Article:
Job Displacement Insurance and Consumption: Evidence from Brazil (with François Gerard)
Date and Location
Tuesday, March 12, 2019, 4:10 PM - 5:30 PM
ARE Library Conference Room, 4101 Social Sciences and Humanities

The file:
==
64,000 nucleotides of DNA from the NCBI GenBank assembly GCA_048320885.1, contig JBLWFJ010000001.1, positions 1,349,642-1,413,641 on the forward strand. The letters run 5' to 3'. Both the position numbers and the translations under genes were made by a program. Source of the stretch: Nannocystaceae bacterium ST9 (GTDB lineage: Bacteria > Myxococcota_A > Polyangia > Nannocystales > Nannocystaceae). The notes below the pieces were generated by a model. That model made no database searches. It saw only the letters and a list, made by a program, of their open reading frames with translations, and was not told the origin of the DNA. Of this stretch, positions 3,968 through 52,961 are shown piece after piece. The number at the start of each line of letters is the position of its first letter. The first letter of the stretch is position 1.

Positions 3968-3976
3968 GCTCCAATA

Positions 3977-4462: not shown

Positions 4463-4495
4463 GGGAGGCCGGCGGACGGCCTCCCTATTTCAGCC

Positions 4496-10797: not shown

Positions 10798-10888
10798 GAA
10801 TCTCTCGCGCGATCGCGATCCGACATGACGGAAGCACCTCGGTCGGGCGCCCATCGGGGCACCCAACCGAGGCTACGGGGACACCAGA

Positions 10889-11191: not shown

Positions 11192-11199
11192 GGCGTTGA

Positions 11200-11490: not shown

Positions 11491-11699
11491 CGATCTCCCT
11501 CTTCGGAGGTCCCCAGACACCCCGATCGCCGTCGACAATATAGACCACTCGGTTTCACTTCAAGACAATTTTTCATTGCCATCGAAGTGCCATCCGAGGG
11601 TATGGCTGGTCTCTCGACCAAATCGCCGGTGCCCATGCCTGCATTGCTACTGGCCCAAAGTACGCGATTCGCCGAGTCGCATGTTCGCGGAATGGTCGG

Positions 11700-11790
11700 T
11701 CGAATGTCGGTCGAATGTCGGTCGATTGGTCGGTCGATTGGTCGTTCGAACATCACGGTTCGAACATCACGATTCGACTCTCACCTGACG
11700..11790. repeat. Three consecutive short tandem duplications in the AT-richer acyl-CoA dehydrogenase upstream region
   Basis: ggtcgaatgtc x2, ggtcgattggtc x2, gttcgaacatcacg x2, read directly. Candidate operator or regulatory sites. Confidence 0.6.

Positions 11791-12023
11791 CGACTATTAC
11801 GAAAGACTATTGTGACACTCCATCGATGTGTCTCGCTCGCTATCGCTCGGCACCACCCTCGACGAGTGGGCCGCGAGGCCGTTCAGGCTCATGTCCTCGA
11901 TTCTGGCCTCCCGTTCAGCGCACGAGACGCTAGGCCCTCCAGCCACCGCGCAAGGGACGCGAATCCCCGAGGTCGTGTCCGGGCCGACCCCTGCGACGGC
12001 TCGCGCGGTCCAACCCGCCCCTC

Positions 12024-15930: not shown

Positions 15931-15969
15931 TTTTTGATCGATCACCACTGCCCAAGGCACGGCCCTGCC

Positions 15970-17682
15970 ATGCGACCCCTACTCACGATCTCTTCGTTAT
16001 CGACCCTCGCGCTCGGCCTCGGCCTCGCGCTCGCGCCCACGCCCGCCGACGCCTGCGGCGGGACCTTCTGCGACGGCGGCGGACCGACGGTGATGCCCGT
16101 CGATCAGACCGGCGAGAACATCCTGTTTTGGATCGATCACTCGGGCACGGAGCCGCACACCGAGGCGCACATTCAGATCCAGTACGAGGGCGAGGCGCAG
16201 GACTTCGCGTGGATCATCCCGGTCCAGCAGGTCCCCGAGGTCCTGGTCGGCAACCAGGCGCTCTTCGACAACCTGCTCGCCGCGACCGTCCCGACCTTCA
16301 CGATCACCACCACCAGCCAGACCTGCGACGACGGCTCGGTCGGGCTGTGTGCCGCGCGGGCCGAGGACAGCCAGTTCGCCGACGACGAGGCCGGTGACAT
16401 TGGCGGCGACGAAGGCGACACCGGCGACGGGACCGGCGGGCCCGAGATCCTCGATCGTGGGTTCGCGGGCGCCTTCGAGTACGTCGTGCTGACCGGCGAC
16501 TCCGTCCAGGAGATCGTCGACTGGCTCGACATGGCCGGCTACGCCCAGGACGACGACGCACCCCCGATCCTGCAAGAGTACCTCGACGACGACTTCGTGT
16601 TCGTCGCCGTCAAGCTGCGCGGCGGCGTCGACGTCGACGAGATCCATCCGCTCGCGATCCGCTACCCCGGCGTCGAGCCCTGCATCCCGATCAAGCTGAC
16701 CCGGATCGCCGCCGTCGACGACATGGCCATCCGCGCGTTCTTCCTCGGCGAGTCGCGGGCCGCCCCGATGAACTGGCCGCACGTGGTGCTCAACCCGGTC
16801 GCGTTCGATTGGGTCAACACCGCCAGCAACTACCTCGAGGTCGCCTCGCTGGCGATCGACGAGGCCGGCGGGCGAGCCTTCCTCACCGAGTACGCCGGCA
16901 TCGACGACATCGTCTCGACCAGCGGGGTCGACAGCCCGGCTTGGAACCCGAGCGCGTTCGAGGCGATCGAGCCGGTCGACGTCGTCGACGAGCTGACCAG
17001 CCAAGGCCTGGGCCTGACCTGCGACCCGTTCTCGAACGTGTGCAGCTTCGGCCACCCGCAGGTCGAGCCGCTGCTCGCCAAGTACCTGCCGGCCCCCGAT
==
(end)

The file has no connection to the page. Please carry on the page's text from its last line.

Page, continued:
The most common forms of government-mandated job displacement insurance are Severance Pay (SP; lump-sum payments at layoff) and Unemployment Insurance (UI; periodic payments contingent on non-employment). While there is a vast literature on UI, SP programs have received much less attention, even though they are prevalent across countries and predominant in developing countries. In particular, little is known about the insurance value that they provide to displaced workers, which critically relies on workers' ability to optimally dissave their lump-sum amount after layoff. We follow a standard approach in the UI literature that evaluates workers' need for insurance and the insurance value of policies by studying workers' consumption profile after layoff. We exploit a rare combination of de-identified high-frequency expenditure data and matched employee-employer data in the state of São Paulo, Brazil, where displaced workers are eligible for both UI and SP. Our main finding is that workers increase consumption at layoff by 35% despite experiencing a long-term consumption loss of 17% when they stop receiving any benefits. We refer to ``consumption'' because these patterns are robust across expenditure categories, and are not driven by durable goods. Moreover, the excess sensitivity of consumption to cash-on-hand is present across a rich set of policy variation in UI benefits and SP amounts. We show that a simple dynamic model of job search and consumption with myopic, present-bias, or saving-constrained agents is consistent with both reemployment and consumption patterns in our data. We then use these models to illustrate the usual incentive-insurance trade-off under counterfactual job displacement insurance designs. Our findings highlight the importance of the difference between SP and UI in their disbursement policy when consumption is highly sensitive to the timing of benefit payment -- beyond their different contingency policy -- and shed new light on the need for job displacement insurance in a developing country context.
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